David Menninger's Analyst Perspectives

Why Your Data Lake Needs Bad Data

Posted by David Menninger on May 13, 2021 3:00:00 AM

Ventana_Research_Benchmark_Research_Data_Prep17_12_Benefits (1)Everyone talks about data quality, as they should. Our research shows that improving the quality of information is the top benefit of data preparation activities. Data quality efforts are focused on clean data. Yes, clean data is important. but so is bad data. To be more accurate, the original data as recorded by an organization’s various devices and systems is important.

Data quality routines should not “white wash” bad data. In other words, don’t simply replace bad data with good data. That would be like putting a fresh coat of paint over rotting wood. Even replacing the rotting wood isn’t necessarily sufficient. You need to find the cause of the problem and address it. The same is true with bad data. There are plenty of techniques to clean bad data. For example, missing numerical data could be replaced with the previous value collected, or the average of values collected, or the minimum or the maximum, or zero, or an interpolation based on the previous value and the next value that occurred. Whatever correction is made, the original data should be retained. That’s part of the value of a data lake – storing and retaining original raw data for various types of analysis. Data warehouses, on the other hand, tend to offer only clean data, often summarized so it’s impossible to identify anomalies in the source systems and data.

Knowing what data occurred is the first clue in trying to identify and solve the problem. Let’s look at the types of bad data that might occur.

  • Missing data - Why was the data missing? Was it a system outage? A network outage? A failed data load? Monitoring how often it occurs would be very useful.
  • Invalid categorical data or unexpected values - Have you properly accounted for all the possible categories? Are there new categories in some of the source applications? How often are the categories changing? Is this something that you need to account for in your analytics? Do you need to adjust historical data for proper comparisons?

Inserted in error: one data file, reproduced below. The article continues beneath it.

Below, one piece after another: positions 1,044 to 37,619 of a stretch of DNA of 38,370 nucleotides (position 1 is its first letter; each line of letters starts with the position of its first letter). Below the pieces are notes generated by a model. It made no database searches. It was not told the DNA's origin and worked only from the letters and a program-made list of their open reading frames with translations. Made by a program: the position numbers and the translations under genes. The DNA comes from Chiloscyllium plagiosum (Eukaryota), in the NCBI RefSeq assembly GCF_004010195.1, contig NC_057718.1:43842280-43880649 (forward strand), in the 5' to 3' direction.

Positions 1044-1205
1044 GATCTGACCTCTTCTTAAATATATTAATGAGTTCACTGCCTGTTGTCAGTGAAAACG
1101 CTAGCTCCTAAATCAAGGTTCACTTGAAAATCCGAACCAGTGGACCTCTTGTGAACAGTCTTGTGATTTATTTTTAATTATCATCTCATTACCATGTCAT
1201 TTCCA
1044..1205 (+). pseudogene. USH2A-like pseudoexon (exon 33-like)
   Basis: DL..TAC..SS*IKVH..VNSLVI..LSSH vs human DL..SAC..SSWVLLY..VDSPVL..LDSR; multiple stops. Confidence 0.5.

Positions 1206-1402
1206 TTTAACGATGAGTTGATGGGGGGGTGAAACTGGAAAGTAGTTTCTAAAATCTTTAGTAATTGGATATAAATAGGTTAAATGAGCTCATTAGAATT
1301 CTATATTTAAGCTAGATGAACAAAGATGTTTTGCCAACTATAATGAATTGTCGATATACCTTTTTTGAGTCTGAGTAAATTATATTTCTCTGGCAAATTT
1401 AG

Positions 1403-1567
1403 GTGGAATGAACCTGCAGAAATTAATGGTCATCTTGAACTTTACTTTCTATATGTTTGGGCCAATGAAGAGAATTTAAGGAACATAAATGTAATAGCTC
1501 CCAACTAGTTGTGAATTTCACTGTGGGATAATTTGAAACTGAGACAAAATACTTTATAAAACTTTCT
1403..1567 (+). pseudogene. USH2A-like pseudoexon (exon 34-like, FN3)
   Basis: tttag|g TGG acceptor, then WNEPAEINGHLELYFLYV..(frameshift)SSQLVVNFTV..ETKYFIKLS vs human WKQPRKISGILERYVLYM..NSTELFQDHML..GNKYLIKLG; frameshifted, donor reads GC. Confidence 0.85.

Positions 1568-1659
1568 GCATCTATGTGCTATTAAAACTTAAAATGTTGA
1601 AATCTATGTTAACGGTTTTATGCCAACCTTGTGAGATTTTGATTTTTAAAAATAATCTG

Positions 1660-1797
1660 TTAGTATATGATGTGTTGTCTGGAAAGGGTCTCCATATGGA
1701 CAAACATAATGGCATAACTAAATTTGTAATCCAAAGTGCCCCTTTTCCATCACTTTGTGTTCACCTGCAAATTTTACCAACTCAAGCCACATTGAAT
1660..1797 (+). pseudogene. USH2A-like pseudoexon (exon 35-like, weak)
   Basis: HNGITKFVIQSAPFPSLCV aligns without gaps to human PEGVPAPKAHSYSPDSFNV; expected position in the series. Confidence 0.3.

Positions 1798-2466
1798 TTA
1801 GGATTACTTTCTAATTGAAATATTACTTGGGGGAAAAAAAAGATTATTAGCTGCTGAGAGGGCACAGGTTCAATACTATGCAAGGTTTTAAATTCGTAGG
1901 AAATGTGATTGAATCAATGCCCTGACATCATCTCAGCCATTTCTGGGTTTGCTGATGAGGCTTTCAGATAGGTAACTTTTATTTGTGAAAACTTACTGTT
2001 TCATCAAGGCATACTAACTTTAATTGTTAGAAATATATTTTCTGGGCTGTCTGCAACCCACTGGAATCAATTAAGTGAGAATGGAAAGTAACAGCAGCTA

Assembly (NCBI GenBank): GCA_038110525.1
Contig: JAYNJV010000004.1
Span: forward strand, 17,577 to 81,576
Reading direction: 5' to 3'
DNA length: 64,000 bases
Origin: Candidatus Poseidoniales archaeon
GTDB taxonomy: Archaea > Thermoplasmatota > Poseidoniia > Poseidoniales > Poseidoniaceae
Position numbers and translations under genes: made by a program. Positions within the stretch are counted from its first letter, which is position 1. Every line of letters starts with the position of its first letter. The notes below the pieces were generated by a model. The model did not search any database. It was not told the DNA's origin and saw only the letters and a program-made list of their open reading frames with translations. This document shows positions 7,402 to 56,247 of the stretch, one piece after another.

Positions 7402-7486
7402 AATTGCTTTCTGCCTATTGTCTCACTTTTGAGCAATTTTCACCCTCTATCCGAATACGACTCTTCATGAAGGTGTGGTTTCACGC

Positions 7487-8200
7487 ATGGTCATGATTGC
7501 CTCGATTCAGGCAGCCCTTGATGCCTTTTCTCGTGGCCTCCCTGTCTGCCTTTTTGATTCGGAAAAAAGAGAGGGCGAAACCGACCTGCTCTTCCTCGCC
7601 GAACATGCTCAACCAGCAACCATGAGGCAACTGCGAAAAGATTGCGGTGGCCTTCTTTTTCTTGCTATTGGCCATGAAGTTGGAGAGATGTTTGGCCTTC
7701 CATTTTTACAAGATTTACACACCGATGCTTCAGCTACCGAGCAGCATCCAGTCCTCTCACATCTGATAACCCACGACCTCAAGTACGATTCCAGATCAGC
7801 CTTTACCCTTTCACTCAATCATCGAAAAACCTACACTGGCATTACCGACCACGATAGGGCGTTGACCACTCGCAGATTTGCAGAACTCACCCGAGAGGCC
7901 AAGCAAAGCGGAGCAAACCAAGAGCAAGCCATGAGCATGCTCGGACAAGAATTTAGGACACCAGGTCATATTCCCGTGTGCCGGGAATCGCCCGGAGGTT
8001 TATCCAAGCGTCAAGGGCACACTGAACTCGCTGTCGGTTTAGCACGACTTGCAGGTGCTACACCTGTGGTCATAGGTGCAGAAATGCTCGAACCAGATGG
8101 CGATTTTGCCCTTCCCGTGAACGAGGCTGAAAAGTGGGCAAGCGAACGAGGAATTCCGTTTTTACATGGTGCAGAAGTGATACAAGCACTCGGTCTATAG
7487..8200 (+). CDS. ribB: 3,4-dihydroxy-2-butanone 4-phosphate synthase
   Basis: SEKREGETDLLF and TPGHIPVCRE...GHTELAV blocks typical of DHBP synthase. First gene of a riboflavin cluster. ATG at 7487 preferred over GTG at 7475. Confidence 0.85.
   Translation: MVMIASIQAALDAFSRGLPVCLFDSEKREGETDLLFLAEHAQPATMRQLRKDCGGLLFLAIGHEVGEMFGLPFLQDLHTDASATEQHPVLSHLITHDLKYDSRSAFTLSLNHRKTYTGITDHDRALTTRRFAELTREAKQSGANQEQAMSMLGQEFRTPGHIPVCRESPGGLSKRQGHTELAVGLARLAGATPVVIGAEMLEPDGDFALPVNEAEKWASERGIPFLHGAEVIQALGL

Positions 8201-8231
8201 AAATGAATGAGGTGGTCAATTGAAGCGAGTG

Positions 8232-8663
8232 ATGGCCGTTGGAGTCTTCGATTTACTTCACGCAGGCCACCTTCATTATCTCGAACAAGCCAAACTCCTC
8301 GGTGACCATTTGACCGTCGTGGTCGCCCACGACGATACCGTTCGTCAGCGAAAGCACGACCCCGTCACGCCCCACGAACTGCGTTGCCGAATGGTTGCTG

• Data out of range - either anomalies or out of the defined range of possible values: Are the values valid, but unexpected, e.g., unusually high temperatures or sea levels due to global warming? High electricity consumption due to the installation of electric vehicle charging stations? Negative energy consumption due to selling back energy to the grid?
  • Variations on a theme - Robert, Rob, Bob, Bobby. Are you capturing the right information, such as the legal name versus a nickname?

Seeing the history of specific data problems is also useful. Data quality monitoring should include tracking the frequency of issues over time. The remedy for data quality issues should also become data that is retained in the data lake. Machine learning algorithms can examine the quality issues and the associated resolutions to create models that help automate correction of errors. As I’ve written previously, you want to automate your data operations as much as possible so your organization can be as agile as possible.

The bottom line is to make sure your information architecture includes plans to capture and retain the original data – good or bad. Make sure you clearly identify the type of data so those who want to look at the original data can do so. Use this information to create data quality scorecards and set goals for improving or maintaining data quality. Most importantly, identify and resolve the source of data quality problems so your organization can operate with the most accurate data possible.


David Menninger

Topics: Data Governance, Data Preparation, Information Management, Data, data lakes

David Menninger

Written by David Menninger

David is responsible for the overall research direction of data, information and analytics technologies at Ventana Research covering major areas including Analytics, Big Data, Business Intelligence and Information Management along with the additional specific research categories including Information Applications, IT Performance Management, Location Intelligence, Operational Intelligence and IoT, and Data Science. David is also responsible for examining the role of cloud computing, collaboration and mobile technologies as they affect these areas. David brings to Ventana Research over twenty-five years of experience, through which he has marketed and brought to market some of the leading edge technologies for helping organizations analyze data to support a range of action-taking and decision-making processes. Prior to joining Ventana Research, David was the Head of Business Development & Strategy at Pivotal a division of EMC, VP of Marketing and Product Management at Vertica Systems, VP of Marketing and Product Management at Oracle, Applix, InforSense and IRI Software. David earned his MS in Business from Bentley University and a BS in Economics from University of Pennsylvania.